Ten Stray Thoughts On A Friday

The work week is almost done, but as you truck to the finish line, moving forward only on the fumes of an afternoon energy drink and the prospect of a fun weekend to come, waste some more precious moments with this week’s installment of Ten Stray Thoughts On A Friday.

1. The Yankees gave up the thirty-first pick in the draft to the Tampa Bay Rays to sign Rafael Soriano, and Yankees apologists, led by Jon Heyman of Sports Illustrated, keep suggesting it’s not that big of a deal because in the history of the number thirty-one pick, the only good player to be selected was Greg Maddux.  If you’re going to use that type of justification, don’t you realistically have to consider every single pick that not only was taken with the thirty first pick, but that could’ve been taken with the thirty-first pick?  Seriously, that’s a ridiculous justification.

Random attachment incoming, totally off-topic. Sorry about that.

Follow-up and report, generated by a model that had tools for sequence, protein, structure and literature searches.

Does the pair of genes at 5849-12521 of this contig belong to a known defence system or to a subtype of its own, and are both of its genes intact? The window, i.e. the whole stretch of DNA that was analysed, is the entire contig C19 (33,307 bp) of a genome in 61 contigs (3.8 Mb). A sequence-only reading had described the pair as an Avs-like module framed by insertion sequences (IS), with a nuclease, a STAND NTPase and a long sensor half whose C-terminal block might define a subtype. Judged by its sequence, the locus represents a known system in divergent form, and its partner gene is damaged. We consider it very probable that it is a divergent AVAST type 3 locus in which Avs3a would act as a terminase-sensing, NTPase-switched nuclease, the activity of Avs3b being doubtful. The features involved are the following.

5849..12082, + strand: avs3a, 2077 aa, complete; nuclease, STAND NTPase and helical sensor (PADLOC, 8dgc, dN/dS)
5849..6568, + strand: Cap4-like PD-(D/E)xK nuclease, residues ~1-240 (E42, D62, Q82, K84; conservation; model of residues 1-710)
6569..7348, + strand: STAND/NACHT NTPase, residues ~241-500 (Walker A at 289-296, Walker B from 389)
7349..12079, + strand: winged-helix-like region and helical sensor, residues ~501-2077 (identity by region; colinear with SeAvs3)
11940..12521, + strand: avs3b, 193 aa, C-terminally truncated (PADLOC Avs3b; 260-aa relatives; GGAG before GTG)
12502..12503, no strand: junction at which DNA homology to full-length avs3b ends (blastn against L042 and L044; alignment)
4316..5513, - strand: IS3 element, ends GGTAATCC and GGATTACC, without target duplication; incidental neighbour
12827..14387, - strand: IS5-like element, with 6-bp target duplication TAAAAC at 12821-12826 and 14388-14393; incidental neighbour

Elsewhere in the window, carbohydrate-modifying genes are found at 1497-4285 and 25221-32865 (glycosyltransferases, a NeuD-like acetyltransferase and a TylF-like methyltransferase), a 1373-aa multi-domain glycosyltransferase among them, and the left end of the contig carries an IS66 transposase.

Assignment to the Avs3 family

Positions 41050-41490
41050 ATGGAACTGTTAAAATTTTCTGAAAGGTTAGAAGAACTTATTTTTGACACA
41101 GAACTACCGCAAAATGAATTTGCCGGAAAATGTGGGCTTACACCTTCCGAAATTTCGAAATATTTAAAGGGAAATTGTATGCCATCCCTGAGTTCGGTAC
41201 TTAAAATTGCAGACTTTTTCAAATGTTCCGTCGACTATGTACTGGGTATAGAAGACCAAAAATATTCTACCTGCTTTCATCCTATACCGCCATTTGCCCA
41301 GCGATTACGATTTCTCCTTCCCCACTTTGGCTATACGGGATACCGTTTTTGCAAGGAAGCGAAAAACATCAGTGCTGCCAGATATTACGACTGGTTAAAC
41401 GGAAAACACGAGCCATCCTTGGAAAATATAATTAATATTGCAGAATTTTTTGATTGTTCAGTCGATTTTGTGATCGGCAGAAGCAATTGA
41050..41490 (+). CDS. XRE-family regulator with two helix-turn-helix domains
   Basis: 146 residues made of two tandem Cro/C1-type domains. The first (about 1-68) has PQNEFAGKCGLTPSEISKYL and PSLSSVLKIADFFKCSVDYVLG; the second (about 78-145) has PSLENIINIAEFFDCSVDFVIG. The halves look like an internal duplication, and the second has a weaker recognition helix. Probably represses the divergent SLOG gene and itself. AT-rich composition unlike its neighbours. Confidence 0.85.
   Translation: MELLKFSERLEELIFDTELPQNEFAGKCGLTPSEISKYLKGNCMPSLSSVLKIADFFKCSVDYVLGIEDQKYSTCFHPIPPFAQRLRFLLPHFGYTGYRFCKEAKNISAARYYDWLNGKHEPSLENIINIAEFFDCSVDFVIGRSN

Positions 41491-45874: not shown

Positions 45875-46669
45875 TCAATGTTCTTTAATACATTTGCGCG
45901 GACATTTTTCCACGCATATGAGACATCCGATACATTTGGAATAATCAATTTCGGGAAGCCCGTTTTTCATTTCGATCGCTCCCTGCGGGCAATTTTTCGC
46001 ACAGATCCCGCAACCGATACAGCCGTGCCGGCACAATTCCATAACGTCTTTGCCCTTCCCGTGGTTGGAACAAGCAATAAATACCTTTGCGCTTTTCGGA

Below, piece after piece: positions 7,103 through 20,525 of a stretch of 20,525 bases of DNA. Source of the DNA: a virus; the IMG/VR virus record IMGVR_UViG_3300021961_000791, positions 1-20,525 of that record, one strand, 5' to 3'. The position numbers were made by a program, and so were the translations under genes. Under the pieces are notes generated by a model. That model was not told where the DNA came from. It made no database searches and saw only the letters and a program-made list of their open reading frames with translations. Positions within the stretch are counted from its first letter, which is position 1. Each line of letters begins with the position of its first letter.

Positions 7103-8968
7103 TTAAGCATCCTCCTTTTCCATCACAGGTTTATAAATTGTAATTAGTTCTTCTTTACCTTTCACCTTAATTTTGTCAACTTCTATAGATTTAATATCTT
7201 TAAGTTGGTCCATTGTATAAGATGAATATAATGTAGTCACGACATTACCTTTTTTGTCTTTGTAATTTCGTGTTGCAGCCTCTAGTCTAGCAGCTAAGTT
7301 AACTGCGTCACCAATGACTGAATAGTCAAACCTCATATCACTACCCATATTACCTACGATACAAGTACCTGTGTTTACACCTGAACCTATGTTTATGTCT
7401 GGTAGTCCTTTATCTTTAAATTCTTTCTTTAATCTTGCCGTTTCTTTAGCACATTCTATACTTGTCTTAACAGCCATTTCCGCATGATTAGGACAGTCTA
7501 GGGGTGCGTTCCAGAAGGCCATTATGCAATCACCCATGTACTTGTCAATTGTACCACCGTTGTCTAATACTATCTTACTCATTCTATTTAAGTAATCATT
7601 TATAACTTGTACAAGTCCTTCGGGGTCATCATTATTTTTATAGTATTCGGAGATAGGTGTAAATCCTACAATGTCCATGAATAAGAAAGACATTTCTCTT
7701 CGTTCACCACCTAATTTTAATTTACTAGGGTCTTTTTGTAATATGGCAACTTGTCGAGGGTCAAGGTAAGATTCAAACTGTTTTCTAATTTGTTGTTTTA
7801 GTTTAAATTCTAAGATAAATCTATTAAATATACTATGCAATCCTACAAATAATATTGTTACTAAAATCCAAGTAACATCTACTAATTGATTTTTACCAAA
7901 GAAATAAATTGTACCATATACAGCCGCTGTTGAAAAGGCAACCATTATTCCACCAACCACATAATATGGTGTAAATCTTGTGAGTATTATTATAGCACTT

2. Speaking of the Soriano contract, Buster Olney was really adamant that Brian Cashman did not want to give up that draft pick.  After the signing was complete, Olney said outright that “there was a split of opinion in NYY front office on signing of Soriano. More ownership-driven deal than from baseball operations.”  Hmm.  The apples indeed don’t fall very far from the tree, do they?  I wonder how long Brian Cashman will call New York home.  I also wonder what the general thinking would be about the GM’s job in New York.  There’s an obviously lower level of autonomy there compared to anywhere else in baseball, but at the same time an element of prestige for presiding over the Yankees that also probably doesn’t exist anywhere else in baseball.